Kerin was an Australian country boy, born the second son in a farmer’s family of five at Currawarna near Wagga Wagga NSW, on 5 November 1885. Tall and rangy at six foot one, and strongly built, he towered above his fellow AE2 crew members and was promptly nicknamed ‘Tiny’. At 27, Kerin was chosen for submarine service in the RAN, enlisting in December 1912 for a tour of five years. He underwent six months’ specialist training in Portsmouth, during which period he also gained qualifications as a diver.
Kerin was the gentle giant of Belemedik camp, and also a peacemaker who looked out for his submariner mates. George Kerr recorded Kerin’s intervention in a fight between the AE2’s young Bill (Michael) Williams and Ben Talbot: ‘Tiny interfered and then Williams wanted to have a go at him, and told him that even if he were as big as a tree he would [still] fight him … It was funny to see Tiny standing there waiting … with [Williams] afraid to do more than to tell him he didn’t care.’ But pressure of camp imprisonment did get to John Kerin on one occasion at least, as shown by an entry in Kerr’s diary in March 1916: ‘Another drunk—Tiny Kerin this time. This is his first offence’.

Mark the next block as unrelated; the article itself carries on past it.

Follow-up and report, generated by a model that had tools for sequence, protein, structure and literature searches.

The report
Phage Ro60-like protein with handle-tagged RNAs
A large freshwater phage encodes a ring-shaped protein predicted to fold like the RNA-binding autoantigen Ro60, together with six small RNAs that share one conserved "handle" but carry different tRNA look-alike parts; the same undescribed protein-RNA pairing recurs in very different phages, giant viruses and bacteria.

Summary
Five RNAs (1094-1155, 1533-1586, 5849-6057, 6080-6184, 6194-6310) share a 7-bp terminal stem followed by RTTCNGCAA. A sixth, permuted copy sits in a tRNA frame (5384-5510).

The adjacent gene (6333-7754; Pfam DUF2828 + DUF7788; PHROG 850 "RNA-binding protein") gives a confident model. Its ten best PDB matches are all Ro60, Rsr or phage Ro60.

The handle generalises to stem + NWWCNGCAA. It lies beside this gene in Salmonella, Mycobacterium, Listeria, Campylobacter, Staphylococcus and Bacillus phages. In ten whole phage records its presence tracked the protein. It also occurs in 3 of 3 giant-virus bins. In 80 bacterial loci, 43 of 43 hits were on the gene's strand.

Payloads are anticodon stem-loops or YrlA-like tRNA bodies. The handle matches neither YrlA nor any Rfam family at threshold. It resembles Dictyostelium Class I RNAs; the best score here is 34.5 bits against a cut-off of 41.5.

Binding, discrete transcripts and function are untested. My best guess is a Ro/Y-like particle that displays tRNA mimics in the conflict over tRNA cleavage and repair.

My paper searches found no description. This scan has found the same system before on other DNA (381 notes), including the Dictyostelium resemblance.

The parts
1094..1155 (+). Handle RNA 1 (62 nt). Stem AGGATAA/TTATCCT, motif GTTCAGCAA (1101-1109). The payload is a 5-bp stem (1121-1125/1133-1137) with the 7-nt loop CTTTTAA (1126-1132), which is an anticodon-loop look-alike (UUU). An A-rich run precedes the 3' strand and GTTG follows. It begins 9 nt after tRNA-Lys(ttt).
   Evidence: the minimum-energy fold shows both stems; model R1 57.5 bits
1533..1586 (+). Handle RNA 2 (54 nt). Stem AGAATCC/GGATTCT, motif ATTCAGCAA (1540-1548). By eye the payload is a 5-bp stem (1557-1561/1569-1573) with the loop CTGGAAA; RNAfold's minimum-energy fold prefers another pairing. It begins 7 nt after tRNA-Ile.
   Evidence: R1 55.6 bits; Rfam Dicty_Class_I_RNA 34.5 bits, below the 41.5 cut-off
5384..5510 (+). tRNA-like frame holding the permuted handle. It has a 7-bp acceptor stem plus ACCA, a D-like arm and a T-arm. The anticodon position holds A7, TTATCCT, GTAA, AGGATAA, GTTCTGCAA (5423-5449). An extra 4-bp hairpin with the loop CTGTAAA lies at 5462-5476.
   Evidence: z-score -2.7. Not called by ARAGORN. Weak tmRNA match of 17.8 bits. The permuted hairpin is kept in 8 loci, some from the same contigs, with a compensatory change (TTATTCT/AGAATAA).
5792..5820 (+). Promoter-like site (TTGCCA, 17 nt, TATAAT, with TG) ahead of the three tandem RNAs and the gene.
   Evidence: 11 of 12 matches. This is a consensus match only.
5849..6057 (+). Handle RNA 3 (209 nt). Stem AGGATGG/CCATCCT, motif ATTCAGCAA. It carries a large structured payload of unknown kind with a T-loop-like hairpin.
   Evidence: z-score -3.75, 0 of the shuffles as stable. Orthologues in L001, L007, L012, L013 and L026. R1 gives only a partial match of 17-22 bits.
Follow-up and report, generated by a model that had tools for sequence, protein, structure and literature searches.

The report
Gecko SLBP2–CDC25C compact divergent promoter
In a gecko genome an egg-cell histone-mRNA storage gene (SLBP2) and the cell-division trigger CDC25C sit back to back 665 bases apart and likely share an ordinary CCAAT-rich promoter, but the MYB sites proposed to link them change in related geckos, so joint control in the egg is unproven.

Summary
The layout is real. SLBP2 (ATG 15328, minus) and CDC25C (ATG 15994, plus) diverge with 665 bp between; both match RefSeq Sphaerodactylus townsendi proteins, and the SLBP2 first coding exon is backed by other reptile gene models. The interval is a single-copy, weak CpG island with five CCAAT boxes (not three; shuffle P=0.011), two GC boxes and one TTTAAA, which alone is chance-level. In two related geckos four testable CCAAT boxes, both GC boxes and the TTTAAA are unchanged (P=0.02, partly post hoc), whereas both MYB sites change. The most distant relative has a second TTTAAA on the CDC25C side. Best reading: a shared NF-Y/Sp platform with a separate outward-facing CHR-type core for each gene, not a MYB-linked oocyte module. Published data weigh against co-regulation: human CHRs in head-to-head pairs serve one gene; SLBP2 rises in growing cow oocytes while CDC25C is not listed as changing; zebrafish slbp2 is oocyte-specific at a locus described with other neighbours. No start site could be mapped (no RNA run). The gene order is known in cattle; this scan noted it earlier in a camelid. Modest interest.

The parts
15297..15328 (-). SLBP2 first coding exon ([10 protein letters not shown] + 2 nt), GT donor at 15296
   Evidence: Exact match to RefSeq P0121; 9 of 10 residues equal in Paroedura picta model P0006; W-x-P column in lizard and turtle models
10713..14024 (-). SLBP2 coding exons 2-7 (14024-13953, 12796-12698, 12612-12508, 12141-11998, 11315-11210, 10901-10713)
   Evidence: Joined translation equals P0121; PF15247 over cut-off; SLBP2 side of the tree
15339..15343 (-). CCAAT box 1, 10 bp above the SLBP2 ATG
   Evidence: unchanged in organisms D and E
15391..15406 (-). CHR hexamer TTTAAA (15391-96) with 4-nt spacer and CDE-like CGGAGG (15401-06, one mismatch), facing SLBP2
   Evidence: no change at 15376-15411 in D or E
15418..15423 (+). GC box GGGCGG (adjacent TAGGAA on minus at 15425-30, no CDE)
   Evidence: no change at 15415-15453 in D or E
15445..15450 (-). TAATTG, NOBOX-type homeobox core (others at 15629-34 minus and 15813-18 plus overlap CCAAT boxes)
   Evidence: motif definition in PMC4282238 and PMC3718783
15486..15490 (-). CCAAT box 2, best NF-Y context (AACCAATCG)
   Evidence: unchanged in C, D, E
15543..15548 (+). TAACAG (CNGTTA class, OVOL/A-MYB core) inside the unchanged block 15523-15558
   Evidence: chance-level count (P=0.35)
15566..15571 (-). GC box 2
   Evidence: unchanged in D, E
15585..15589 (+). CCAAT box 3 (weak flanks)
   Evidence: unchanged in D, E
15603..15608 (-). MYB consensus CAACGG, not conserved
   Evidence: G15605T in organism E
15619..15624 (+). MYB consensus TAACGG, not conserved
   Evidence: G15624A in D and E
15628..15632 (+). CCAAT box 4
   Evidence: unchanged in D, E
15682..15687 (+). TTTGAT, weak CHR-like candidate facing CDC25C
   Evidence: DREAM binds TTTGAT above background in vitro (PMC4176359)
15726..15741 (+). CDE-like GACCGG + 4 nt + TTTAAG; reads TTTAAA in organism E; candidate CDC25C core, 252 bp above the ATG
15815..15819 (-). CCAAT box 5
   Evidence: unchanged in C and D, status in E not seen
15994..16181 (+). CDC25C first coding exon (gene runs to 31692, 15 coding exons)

After release, Kerin arrived back in London in December 1918, via Alexandria. He was very ill with influenza and was hospitalised for a month. He returned to Australia as soon as he had recovered, and left the navy at his own request when the term of his period expired on 30 June 1919. In later life Kerin worked as a boilermaker for an engineering company. He died in May 1947, aged 62, and is buried in Rookwood Cemetery, Sydney.